November 14, 2008

Keeping the Banner

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The crisp red stripe traces the same gentle arc of a dull-by-comparison white line exactly one foot away. The ridges on the sides of the red line reveal it to be a recent addition, placed on top of the floor’s smooth finish.
Men’s basketball senior center Jeff Foote is thinking about the foot between those two lines and smiling. He’s thinking about the possibility of that one foot — the mere 12 inches that separate the NCAA’s new 3-point line from the old one — spreading defenses out.
“I like it a lot because our guys aren’t so close when I catch the ball,” he said. “So it’s good for me.”
The NCAA 3-point line, which had rested at 19-9 feet from the basket for the 22 years since its implementation, has been pushed back for the foreseeable future. With a steadily increasing number of 3-point attempts each year (19.1 per game last year, the most ever), and bigger, more athletic players packing the area inside the line, the NCAA decided to take action. By moving the line back, it is hoping to provide exactly what Foote is hoping for — more room to maneuver.
Still, it is anyone’s guess — coach, player or analyst alike — what the effect really will be.
“If you have shooters, the theory is that you’re going to have to go out and guard them and you’re going to space the court out,” said head coach Steve Donahue. “The problem I think people worry about in college basketball is that you can really pack it in and then where’s the movement? Where’s the ball flow?”
Moving the line back will certainly take some players out of the long distance equation. The mid-sized forward who can sneak out and drain a flat-footed 3 just often enough to keep the defense honest could be relegated to the post, his perimeter value gone.
In the extreme, this could be Foote’s nightmare — even more people in the post.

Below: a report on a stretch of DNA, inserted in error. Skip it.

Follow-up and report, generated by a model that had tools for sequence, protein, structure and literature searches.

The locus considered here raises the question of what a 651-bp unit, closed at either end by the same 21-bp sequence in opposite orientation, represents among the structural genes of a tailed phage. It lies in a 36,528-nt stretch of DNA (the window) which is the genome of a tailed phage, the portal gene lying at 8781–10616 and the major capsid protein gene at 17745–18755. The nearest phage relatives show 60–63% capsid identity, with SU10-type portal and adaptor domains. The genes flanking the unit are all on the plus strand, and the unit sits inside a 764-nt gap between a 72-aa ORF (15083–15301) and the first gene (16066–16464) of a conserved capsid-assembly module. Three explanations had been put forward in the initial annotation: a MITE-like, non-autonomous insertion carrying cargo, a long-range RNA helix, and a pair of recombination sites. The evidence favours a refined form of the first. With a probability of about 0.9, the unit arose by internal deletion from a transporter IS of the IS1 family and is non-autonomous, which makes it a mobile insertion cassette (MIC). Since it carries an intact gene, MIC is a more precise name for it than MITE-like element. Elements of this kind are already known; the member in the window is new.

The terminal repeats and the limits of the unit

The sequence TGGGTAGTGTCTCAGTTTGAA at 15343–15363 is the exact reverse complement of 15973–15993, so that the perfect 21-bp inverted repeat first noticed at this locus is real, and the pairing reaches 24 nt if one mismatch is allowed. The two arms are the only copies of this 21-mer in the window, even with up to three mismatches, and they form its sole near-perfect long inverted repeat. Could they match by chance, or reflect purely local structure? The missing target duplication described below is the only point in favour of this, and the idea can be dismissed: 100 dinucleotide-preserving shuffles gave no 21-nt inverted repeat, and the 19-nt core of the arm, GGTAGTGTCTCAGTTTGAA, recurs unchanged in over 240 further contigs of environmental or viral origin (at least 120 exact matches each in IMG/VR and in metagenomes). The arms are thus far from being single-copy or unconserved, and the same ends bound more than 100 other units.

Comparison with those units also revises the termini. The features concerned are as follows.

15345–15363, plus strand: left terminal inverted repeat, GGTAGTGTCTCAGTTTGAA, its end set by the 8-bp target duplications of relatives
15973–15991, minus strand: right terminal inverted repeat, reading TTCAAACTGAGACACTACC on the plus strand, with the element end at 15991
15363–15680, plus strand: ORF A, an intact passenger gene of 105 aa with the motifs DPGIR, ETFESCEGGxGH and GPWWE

“I don’t know exactly [what will happen], I don’t think anyone does,” Donahue said.
Fortunately for Cornell, the personnel shooting the deep ball are not big men with a soft touch, but true shooters. As a team, Cornell netted 40.9 percent of its long-range shots, paced by junior Ryan Wittman’s 46.3 percent. Senior Adam Gore came on strong in the Ivy season, shooting 45.9 percent, second best in the conference. Junior point guard Louis Dale’s 3-point numbers dipped somewhat last year with more ball handling responsibilities, but he drained 46.8 percent his freshman year. All three were not shy about pulling up from no-mans land last year, and there seems to be no reason for that to change this year.
Still, there is an inevitable adjustment period.
“You’re going to see a lot of long 2s,” Donahue said. “Guys are going to step on that line. My other concern is on the sidelines, towards the corners, guys stepping out of bounds because you don’t have as much room. Everyday somebody’s done it. … You’ve just got to get used to it. You’ve got to talk about it.”
Just like Foote, though, Donahue has his own hopes about what changes the new 3-point line will bring. Traditionally, mid-majors and schools in weak conference snagged shooters like collector’s items, as power conference schools took their picks of the athletic players.
“I think that’s something [bigger schools are] concerned with,” Donahue said. “At least they’re thinking, ‘We better get some shooters in here to space people out.’ If they don’t, people are going to be clogging up the middle and it’s going to be very difficult.”
And for now, at least, that’s where the Ivy League — stereotyped as slow, goofy shooters — comes in.
“If you look at our games last year, we shot as teams way less 3s in-league than we did out-of-league,” Donahue said. “… I think that what we’re all hoping in our league is that it will help us compete outside the league better in the sense that other teams will have trouble making the 3s and we can still make that and stay in the game.”
If Donahue’s wish comes true, he could not have picked a better year to have it granted. The Red has perhaps its toughest non-conference schedule ever, with games against St. John’s, St. Joe’s, Indiana, Syracuse and Minnesota scattered into the upcoming weeks.
“It is going to be tough,” Wittman said of the schedule. “I hope that it will make us better at the same time. I think it will make us realize that we don’t have those early season games to get ready. We’ll have to be ready right away or else we’re going to get beat.”
Another place a strong opponent could come into play would be months away, but on the biggest stage of the year — the NCAA tournament.
“If you’re fortunate enough to win the league, you’re prepared for the environment we played Stanford in,” Donahue said, referring to the team’s first-round exit in last year’s Big Dance. “Bigger crowd, bigger team, you hopefully learn how to survive early. That will help us a little if we are fortunate enough to get to the NCAA tournament.”